Book Review: Lt. Spalding in Civil War Louisiana: A Union Officer's Humor, Privilege, and Ambition


by Michael D. Pierson

Naton Rouge: Louisiana State University Press, 2016. Pp. xxiv, 190. Illus., notes, biblio., index. $38.00. ISBN: 0807164399

Lieutenant Spalding’s Civil War

On July 8, 1862, 22-year old 1st Lt. Stephen Foster Spalding, 8th Vermont, wrote his former college roommate from Algiers, Louisiana, where he was serving in garrison. The lieutenant’s seven page missive offered some details about his recent activities, both official and unofficial. In this work, Prof. Pierson (U. Mass.) takes Spalding’s letter and uses it to help throw light on American life, civil and military, in the era of the Civil War; in effect, he expands upon Spalding’s experiences and observations, by bringing in evidence from other sources, to develop some deeper insights into the lieutenant’s world.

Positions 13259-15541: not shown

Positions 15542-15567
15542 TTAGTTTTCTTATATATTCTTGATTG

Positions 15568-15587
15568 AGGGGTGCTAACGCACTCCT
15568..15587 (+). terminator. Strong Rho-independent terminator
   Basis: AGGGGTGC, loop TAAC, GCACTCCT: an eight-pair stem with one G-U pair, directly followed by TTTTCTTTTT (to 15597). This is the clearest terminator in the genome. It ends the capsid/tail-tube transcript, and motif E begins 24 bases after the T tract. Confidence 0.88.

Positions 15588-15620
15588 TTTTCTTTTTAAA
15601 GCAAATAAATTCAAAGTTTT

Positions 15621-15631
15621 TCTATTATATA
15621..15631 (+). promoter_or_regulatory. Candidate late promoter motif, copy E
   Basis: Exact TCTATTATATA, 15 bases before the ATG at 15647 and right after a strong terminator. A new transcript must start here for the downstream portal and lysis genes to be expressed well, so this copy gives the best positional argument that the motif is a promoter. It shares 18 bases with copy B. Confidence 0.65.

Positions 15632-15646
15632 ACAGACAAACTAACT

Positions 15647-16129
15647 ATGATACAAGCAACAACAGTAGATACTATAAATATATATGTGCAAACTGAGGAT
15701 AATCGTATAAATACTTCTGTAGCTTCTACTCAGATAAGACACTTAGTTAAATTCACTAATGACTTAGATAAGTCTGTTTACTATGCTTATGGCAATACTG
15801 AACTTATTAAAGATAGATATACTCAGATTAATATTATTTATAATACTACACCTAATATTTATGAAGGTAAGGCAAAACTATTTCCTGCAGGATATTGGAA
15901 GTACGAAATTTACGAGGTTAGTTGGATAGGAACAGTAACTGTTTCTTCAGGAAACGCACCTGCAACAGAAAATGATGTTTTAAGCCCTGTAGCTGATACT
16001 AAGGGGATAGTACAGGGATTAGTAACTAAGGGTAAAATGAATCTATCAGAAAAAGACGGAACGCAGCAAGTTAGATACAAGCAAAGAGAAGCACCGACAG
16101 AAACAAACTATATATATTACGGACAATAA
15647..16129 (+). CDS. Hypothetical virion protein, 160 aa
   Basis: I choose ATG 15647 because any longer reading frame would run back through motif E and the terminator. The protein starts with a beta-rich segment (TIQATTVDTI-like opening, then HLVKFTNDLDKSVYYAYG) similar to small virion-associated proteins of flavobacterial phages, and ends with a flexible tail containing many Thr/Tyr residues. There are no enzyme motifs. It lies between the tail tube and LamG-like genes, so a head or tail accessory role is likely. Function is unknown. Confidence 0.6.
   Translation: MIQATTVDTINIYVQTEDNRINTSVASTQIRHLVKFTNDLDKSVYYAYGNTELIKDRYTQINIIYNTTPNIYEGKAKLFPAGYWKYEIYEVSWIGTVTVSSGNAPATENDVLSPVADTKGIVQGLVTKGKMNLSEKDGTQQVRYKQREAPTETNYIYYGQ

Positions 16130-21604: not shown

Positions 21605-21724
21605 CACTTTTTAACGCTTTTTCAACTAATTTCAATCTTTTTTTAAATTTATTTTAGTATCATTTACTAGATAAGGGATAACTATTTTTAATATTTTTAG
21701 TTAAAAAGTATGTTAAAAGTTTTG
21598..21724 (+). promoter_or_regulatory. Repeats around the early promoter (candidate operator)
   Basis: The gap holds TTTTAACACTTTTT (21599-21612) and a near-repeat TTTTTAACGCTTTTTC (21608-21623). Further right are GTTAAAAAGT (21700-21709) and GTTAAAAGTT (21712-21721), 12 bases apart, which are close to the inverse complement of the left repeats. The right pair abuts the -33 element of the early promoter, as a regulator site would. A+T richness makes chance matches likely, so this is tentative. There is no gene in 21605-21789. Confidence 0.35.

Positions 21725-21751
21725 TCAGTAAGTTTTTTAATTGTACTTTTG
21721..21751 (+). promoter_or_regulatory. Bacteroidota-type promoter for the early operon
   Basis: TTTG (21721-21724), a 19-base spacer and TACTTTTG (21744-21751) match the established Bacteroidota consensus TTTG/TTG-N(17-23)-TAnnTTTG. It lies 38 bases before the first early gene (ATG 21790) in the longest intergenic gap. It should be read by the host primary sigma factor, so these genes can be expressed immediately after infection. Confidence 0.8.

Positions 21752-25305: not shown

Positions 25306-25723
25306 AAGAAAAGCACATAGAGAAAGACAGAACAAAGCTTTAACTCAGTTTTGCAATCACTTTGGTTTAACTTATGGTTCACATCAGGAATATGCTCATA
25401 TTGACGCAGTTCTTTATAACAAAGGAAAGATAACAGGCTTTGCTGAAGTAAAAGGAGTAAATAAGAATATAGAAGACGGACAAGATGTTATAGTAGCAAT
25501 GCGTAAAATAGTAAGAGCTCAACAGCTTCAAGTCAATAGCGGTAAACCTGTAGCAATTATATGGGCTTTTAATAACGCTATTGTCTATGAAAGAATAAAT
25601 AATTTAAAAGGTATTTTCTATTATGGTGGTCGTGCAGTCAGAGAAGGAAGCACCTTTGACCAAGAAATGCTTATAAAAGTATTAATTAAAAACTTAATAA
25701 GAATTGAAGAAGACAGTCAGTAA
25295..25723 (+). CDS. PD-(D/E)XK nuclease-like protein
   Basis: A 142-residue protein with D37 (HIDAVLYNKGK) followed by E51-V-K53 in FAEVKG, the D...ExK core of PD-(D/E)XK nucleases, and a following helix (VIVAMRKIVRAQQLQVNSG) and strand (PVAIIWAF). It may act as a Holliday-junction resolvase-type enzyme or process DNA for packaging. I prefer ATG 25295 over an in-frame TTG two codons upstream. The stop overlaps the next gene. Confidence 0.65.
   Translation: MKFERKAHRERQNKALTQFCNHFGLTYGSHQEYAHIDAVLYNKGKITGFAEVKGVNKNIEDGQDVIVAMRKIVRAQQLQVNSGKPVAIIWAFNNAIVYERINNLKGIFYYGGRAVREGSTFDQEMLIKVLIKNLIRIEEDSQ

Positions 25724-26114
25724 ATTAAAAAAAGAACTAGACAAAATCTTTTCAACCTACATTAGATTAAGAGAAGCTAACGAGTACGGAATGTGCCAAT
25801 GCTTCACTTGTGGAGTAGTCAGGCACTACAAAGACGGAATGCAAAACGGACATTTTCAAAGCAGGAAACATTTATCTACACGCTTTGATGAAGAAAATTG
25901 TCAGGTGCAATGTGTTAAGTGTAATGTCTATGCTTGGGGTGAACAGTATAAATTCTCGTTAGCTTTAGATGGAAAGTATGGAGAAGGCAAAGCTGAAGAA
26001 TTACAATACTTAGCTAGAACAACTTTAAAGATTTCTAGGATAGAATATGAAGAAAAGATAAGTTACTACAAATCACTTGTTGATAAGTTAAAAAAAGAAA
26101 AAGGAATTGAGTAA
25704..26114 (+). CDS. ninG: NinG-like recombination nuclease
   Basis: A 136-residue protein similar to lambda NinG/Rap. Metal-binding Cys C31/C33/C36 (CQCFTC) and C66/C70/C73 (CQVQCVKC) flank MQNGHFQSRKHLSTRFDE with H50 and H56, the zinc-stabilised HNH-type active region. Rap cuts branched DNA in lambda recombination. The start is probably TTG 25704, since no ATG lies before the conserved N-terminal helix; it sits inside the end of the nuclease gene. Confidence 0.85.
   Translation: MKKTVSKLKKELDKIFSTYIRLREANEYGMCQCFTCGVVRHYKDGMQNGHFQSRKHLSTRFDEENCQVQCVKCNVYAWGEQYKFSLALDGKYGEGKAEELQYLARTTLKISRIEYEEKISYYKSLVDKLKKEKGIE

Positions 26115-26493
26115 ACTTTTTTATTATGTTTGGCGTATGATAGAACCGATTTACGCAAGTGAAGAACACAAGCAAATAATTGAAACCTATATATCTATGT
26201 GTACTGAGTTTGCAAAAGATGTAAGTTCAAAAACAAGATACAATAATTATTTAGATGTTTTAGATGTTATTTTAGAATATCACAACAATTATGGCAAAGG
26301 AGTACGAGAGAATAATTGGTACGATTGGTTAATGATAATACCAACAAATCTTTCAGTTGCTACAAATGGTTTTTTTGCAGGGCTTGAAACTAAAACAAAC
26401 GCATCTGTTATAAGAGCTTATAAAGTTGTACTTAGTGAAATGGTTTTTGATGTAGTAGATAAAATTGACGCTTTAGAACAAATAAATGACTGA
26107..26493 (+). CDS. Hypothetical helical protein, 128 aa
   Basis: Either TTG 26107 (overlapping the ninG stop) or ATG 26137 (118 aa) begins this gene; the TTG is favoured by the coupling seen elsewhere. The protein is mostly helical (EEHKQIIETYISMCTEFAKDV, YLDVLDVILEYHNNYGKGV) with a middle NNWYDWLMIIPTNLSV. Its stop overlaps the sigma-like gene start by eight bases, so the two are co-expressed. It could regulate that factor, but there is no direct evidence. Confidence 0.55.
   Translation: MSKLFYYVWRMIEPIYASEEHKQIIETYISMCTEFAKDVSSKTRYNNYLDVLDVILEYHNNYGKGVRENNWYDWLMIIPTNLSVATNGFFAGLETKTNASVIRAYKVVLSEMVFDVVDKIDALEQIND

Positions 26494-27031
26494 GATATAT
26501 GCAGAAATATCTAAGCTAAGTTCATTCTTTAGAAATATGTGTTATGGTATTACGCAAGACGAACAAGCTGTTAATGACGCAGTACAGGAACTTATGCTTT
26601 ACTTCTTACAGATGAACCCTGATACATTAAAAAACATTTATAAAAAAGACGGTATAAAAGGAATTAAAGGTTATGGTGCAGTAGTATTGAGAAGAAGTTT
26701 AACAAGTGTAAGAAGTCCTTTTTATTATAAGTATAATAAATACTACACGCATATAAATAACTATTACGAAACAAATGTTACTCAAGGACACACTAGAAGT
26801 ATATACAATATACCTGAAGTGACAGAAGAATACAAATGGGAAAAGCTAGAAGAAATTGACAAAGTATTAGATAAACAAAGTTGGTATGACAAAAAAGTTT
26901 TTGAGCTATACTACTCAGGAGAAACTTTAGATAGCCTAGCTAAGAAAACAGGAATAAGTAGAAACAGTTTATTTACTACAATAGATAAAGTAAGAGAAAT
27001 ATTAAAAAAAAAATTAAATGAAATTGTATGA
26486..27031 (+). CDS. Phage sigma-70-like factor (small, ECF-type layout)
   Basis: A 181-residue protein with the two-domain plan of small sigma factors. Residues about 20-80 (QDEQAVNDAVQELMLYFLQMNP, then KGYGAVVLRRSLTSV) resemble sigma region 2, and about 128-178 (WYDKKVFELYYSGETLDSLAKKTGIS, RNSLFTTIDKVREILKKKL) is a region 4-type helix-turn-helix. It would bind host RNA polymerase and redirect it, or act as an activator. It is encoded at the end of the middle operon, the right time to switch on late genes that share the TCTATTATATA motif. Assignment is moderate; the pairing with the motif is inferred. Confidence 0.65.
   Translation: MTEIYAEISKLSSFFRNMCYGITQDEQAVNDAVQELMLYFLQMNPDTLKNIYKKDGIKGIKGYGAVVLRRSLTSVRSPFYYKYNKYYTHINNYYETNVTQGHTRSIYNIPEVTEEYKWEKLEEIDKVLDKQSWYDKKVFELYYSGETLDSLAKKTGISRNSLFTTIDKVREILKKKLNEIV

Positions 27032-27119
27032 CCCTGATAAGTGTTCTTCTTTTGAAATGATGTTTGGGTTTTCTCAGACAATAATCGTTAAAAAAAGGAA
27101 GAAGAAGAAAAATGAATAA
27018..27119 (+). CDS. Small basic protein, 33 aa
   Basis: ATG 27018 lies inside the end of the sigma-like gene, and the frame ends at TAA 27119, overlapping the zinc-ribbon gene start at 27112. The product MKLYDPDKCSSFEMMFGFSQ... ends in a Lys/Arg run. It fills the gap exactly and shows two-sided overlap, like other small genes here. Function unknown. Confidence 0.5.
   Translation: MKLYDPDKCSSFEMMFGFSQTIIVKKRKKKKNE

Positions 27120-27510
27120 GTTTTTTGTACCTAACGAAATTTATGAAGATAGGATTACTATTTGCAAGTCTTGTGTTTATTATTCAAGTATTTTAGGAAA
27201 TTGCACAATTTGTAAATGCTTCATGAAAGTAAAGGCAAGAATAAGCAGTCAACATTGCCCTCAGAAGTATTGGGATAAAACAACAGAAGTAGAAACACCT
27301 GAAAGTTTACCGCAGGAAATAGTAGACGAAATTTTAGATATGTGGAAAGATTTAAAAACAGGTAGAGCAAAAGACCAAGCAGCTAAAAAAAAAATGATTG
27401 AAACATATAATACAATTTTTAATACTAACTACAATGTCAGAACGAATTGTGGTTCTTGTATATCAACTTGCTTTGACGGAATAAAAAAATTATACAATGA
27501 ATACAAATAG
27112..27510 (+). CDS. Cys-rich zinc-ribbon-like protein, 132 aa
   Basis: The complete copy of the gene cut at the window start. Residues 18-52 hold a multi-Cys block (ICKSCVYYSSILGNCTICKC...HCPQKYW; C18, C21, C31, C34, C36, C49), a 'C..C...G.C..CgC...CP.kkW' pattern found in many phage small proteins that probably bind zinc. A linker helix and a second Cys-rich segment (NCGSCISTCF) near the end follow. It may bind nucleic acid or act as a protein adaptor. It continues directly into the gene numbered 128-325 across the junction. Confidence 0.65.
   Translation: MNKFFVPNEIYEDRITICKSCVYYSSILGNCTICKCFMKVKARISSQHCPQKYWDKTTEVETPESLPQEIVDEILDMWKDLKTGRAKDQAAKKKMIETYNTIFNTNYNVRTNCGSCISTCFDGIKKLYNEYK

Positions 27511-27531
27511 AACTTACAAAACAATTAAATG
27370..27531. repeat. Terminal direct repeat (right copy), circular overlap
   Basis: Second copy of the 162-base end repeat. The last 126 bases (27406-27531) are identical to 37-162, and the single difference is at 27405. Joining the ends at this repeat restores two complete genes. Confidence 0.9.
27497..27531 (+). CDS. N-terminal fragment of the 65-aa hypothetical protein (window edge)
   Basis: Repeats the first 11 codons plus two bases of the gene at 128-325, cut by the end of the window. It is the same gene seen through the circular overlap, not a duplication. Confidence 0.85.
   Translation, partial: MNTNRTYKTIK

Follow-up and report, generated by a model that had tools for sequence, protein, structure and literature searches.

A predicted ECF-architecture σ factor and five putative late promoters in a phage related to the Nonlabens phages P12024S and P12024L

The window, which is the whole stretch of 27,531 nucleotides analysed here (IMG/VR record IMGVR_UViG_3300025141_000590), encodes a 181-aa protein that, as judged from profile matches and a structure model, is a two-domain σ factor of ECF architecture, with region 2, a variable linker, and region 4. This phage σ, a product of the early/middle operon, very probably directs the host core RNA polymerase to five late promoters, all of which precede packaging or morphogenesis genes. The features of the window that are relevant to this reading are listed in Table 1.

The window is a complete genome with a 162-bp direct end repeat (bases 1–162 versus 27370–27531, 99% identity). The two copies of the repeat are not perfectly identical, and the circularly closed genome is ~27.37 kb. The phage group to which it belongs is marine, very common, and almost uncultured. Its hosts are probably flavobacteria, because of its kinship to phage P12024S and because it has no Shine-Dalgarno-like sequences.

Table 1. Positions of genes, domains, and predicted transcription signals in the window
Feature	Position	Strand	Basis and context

After a thoughtful preface about exploring archives, Pierson looks at Spalding’s family background and early life. Then, working from Spalding’s experiences and attitudes as reflected in the letter, Pierson discusses the nature of contemporary military service, American racial and social attitudes, and more.

So, for example, Pierson takes Spalding’s two pages about a rather sin-filled leave in New Orleans, to develop a discussion of contemporary attitudes on drink and sex, while his analysis of a bit of gallows humor and the young officer’s musings over death leads him to help us understand how soldiers coped with this ever present aspect of military life; Lt. Spalding himself was killed in action on June 14, 1863, apparently the first time he was under fire.

Anyone interested in soldiering during the Civil War will find Lt. Spalding in Civil War Louisiana a worthwhile read.

Note: Lt. Spalding in Civil War Louisiana is also available in pdf, ISBN 978-0-8071-6440-2, and as an e-Book, ISBN 978-0-8071-6441-9


Reviewer: A. A. Nofi, Review Editor   

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